Doug Gamble- Contributor
Gamble is a former writer for President Ronald Reagan and
in Carmel. [go to Gamble index]
A cottage industry is gaining momentum...
[Doug Gamble] 10/13/04
There was a time
when the words “conservative film festival” would
have been an oxymoron, but not anymore. Yes, Virginia, there
are conservative movies.
Not only were some of them screened recently at an event called
the Liberty Film Festival, but it was held in the heart of West
Hollywood, a bastion of southern California liberalism. Talk
about in your face. This is somewhat akin to staging a Bush for
president rally in North Korea.
One of the
guiding hands behind the event was filmmaker Jason Apuzzo,
whose movie Terminal
Island was among those shown during the festival’s three days. He believes there’s
a sizable audience for movies with conservative viewpoints if
only they’re made available.
was fresh out of USC Cinema School, Apuzzo and his wife wrote
called The Terrorist, that they
shopped to 10 film companies in hopes of getting it produced.
It was largely rejected outright, according to Apuzzo, because
the villains were Muslim terrorists, and producers who did like
it insisted it be re-written to reflect the terrorists’ point
of view and explain their motivations.
says that one company had an association with Robert Redford
not allign itself with any project Redford
would disapprove of. So with $7,000 of his own money and the
help of actors willing to work for free, he made Terminal
Island, about a Wahabi Muslim who blows up buildings in
the L.A. area and a bounty hunter tracking him.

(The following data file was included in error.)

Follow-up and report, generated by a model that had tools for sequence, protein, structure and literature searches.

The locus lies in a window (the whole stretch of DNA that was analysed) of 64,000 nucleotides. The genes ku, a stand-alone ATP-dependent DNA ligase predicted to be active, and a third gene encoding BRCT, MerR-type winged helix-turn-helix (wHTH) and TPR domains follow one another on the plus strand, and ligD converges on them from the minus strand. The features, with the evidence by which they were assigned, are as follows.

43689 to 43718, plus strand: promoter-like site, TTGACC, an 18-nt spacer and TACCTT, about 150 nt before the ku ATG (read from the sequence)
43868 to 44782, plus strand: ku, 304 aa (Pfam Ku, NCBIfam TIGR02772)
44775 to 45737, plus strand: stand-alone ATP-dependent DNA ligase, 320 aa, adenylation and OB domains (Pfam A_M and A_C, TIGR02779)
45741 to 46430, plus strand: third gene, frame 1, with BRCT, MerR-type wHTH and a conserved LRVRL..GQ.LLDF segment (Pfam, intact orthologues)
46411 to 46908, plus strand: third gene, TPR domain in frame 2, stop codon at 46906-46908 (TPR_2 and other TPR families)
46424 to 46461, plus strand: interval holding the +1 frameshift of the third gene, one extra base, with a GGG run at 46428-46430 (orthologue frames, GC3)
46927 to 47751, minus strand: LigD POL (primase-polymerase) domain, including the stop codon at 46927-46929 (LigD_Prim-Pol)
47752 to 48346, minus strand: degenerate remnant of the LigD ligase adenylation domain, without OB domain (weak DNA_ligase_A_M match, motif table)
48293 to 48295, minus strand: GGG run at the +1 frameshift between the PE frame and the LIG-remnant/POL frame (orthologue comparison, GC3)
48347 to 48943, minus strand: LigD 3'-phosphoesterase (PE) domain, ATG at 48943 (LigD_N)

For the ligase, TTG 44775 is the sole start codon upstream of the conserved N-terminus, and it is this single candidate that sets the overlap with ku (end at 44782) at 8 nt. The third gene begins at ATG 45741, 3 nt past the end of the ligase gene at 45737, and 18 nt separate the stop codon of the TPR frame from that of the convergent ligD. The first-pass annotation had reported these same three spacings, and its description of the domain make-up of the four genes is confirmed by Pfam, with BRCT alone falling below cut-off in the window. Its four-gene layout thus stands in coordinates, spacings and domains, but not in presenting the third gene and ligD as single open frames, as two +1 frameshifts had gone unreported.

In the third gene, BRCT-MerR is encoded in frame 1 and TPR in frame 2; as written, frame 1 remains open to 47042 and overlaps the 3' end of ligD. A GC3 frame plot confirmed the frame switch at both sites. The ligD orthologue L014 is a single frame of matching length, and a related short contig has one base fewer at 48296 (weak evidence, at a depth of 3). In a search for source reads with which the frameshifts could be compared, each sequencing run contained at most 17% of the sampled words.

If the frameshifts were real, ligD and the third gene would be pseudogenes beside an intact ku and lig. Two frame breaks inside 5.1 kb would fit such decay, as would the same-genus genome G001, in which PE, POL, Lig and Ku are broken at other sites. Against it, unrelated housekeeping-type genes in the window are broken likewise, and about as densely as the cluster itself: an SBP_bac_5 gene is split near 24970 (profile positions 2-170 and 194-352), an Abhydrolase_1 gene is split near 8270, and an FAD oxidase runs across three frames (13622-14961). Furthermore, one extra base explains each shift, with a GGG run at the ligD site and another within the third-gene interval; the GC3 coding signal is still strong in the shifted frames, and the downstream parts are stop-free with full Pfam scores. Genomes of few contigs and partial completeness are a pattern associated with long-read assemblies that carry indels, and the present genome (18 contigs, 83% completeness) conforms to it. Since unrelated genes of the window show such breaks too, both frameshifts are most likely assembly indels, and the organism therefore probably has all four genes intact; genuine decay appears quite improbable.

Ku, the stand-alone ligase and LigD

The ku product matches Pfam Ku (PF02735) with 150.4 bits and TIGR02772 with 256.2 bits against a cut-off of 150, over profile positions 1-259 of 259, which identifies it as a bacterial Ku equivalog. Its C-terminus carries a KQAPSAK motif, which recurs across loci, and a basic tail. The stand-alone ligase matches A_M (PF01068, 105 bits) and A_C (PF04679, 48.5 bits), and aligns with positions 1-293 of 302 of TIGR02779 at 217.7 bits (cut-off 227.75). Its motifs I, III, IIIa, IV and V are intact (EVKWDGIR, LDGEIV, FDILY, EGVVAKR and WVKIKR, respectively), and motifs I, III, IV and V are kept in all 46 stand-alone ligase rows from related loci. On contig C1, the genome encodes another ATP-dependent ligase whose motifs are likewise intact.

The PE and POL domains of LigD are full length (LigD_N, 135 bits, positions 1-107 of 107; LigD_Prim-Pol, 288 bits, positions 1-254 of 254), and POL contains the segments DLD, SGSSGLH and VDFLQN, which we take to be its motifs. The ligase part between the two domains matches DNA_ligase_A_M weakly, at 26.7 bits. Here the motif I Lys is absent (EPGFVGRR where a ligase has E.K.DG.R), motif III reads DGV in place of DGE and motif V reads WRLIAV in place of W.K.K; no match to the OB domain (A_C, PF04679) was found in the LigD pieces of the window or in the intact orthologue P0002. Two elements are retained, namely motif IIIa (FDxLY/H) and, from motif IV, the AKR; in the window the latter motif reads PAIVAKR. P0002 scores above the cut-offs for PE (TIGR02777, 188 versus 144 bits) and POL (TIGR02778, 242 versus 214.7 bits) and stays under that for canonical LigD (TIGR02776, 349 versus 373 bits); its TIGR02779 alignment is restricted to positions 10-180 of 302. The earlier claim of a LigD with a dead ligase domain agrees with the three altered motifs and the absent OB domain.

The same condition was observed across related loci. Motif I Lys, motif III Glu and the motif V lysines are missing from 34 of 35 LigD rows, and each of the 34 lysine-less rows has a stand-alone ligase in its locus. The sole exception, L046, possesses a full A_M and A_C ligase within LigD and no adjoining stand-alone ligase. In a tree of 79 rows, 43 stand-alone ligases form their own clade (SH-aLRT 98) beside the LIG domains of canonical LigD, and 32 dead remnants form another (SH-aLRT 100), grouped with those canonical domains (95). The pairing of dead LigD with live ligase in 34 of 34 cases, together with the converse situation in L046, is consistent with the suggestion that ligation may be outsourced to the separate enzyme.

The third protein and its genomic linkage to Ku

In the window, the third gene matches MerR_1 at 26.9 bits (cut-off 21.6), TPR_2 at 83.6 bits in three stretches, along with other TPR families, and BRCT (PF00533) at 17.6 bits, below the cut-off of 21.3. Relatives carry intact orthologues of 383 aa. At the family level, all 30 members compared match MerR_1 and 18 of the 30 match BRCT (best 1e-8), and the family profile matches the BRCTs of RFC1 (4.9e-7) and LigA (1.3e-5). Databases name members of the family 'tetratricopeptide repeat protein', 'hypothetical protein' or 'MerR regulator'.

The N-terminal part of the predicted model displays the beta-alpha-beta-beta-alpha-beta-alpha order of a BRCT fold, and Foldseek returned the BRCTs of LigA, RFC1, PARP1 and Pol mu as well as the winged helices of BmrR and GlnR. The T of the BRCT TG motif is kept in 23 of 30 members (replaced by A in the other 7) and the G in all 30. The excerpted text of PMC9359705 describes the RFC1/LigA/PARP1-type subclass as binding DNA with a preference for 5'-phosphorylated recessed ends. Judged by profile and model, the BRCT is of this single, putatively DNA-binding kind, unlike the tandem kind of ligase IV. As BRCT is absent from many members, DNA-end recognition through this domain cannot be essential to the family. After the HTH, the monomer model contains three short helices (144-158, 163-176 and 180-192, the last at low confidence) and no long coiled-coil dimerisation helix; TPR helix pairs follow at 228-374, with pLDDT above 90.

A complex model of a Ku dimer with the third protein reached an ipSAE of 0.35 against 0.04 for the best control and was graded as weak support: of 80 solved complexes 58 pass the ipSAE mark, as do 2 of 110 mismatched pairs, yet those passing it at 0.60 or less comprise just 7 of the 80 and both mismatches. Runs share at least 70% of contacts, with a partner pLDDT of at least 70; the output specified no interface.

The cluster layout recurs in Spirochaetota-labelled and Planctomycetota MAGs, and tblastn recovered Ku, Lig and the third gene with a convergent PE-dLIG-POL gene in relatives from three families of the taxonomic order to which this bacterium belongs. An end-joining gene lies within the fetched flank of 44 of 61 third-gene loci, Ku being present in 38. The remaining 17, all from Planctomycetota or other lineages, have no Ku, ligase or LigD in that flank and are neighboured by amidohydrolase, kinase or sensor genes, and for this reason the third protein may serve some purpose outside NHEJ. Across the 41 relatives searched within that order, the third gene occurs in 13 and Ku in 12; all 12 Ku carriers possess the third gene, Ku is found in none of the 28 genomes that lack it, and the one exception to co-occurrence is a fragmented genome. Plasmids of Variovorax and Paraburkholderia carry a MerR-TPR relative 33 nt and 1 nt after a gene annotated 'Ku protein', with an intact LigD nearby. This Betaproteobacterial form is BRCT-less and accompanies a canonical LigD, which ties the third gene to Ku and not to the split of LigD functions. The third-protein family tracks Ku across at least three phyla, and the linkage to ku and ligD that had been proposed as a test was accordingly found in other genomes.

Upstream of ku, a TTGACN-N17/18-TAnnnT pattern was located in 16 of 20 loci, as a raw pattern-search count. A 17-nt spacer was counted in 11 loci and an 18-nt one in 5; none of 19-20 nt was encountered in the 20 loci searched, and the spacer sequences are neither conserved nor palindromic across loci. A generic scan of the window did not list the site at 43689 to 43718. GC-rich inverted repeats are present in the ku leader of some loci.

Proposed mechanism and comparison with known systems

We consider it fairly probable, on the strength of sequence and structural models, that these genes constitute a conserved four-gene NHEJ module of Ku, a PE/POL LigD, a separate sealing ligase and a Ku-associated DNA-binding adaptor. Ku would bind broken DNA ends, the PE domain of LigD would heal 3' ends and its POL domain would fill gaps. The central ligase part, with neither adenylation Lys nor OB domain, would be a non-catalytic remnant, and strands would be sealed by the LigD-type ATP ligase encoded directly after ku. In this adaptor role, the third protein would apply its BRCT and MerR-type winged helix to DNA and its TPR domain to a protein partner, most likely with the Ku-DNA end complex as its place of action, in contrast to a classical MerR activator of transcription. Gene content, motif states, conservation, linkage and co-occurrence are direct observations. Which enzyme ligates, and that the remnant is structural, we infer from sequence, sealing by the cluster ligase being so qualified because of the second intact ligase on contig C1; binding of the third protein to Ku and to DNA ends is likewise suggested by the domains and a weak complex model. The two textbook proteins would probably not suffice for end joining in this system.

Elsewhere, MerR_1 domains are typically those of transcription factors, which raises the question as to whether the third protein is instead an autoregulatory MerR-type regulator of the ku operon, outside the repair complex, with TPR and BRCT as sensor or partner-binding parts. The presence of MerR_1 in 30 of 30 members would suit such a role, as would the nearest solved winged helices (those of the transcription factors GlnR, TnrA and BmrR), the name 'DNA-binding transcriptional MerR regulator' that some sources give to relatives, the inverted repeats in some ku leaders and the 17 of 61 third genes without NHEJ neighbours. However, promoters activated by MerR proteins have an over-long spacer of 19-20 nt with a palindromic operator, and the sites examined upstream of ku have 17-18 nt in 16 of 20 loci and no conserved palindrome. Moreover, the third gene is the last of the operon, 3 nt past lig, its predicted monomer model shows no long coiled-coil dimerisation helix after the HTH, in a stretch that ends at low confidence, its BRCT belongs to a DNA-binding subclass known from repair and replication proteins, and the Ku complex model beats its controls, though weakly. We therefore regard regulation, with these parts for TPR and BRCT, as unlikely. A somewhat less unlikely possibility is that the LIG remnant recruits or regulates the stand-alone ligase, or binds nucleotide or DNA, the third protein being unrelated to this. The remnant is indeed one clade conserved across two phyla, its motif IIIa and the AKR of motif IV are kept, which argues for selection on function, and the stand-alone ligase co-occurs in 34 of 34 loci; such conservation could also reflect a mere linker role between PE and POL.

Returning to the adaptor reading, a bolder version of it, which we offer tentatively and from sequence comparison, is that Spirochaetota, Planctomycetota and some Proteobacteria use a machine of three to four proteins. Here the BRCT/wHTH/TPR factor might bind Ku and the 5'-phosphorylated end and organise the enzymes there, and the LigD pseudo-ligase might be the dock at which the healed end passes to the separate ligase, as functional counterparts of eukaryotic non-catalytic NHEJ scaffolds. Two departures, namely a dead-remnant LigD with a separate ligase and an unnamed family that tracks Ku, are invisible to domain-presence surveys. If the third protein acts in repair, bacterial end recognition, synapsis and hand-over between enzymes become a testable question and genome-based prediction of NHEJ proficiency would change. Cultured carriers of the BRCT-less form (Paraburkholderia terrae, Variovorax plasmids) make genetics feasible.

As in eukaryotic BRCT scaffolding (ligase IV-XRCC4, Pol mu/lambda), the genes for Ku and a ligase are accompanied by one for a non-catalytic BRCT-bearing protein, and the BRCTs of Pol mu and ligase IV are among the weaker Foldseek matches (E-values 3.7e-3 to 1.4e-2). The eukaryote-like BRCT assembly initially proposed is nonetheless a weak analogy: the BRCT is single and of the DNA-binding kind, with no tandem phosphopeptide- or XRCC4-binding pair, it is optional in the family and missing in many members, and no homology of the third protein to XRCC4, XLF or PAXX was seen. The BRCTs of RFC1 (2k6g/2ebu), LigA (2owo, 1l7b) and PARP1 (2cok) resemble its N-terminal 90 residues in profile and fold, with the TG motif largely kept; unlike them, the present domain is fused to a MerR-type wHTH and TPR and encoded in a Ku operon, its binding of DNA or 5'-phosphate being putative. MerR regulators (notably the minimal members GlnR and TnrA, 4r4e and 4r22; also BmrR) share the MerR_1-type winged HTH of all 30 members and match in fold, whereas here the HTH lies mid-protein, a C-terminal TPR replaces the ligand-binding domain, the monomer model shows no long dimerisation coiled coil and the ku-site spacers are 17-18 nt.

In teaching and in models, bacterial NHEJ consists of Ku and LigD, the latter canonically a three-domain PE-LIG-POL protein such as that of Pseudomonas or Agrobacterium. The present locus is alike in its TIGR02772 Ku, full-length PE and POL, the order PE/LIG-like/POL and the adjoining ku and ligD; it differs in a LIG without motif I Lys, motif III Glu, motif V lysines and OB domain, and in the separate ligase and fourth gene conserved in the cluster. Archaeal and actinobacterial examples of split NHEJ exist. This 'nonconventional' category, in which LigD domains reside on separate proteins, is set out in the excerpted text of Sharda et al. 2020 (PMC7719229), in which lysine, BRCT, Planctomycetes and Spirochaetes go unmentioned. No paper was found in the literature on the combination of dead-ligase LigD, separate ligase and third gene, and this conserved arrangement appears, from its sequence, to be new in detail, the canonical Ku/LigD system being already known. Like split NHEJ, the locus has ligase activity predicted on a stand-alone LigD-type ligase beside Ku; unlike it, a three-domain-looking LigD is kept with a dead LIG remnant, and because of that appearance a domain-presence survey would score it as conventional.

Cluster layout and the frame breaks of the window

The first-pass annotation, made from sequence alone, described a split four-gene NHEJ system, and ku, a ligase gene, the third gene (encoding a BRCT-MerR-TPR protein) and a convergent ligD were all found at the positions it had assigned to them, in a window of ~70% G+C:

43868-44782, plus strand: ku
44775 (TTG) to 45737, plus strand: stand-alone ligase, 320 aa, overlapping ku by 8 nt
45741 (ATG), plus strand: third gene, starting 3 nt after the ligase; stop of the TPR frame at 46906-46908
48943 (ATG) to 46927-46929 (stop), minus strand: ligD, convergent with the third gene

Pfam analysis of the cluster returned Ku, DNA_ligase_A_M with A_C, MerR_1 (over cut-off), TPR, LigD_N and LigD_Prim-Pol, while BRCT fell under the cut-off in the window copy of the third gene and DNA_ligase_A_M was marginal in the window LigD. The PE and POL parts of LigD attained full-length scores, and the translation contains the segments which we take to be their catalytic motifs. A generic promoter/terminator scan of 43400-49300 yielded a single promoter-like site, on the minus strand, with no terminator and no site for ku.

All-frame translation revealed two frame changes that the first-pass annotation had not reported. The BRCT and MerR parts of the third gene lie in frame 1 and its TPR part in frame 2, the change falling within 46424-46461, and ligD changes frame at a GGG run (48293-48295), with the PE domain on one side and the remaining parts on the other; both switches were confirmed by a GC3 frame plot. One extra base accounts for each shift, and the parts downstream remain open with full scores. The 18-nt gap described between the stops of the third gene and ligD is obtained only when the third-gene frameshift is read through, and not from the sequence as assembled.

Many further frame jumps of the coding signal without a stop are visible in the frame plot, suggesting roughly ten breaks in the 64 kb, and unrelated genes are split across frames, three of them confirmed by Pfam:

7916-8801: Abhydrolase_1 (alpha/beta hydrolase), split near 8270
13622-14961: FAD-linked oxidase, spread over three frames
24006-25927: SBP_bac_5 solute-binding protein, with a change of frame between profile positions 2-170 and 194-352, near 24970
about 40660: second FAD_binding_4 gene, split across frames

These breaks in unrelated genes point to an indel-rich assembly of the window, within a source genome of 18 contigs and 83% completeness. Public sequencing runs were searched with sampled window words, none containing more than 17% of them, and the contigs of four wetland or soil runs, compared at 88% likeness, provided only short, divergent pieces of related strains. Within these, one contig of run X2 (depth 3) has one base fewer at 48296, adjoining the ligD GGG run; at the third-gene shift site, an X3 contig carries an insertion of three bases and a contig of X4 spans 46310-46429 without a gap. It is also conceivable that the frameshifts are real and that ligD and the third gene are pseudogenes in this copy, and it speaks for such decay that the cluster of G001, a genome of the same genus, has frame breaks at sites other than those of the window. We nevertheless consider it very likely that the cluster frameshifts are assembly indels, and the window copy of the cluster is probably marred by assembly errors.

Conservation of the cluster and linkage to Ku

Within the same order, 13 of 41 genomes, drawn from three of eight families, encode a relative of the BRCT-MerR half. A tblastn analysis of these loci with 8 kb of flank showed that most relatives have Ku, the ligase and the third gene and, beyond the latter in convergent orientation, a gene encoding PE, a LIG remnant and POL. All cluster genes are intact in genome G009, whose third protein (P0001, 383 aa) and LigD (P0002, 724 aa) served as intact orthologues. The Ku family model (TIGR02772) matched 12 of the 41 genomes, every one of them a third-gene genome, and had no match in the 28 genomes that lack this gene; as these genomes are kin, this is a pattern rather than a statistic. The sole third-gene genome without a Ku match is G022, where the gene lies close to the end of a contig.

If Michael Moore
has done nothing else he has spawned an industry of anti-Moore
filmmakers, three of whose work were featured at
the West Hollywood event. In addition to the west coast premiere
of KABC Radio talk show host Larry Elder’s Michael
and Me, a pro-gun ownership film that takes on Moore’s
Bowling For Columbine, there was Mike Wilson’s
Michael Moore Hates America, and Celsius 41.11, a
response to Moore’s Fahrenheit 911 by Hollywood
writer, producer, director and Oscar nominee Lionel Chetwynd,
a longtime courageous conservative voice in Hollywood.
Although some of the movies at the festival were fiction, the
predominance of documentaries may well foreshadow such productions
as the latest weapon on the political battlefield, becoming almost
as ubiquitous as dueling TV ads by 2008.
What’s encouraging to conservatives who lament the left’s
domination of Hollywood is that the California event followed
a similar one in Dallas last month organized by law school graduate
Jim Hubbard. Originally expected to feature only a few documentaries,
the festival ended up screening almost two dozen.
Hubbard says, “The left has had an inordinate influence
in Hollywood over the last 40 years and we’re going to
change that. The best way to counter Michael Moore and the cultural
elite in general is to get out there and produce films.”
Hubbard believes there are millions of Americans tired of movies
that treat faith, America and traditional values with negativity
and cynicism, and cites
the popularity of The Passion of the Christ as proof that there’s
a sizable audience craving a different type of movie.
The West Hollywood
event erupted into boos whenever Moore’s
name was mentioned, but he may have the last laugh beyond the
millions Fahrenheit 911 has earned. He has withdrawn
the movie from consideration in the Academy Award’s best
documentary category and wants it nominated for the highest award
If President Bush
wins the election, look for Hollywood to not only nominate
Moore’s propaganda piece but to take
a slap at Bush by selecting it as best picture. CRO
California-based Doug Gamble contributed speech material to
Presidents Reagan and George H.W. Bush, and writes a twice-monthly
column for the Orange County Register and CaliforniaRepublic.org.
2004 Doug Gamble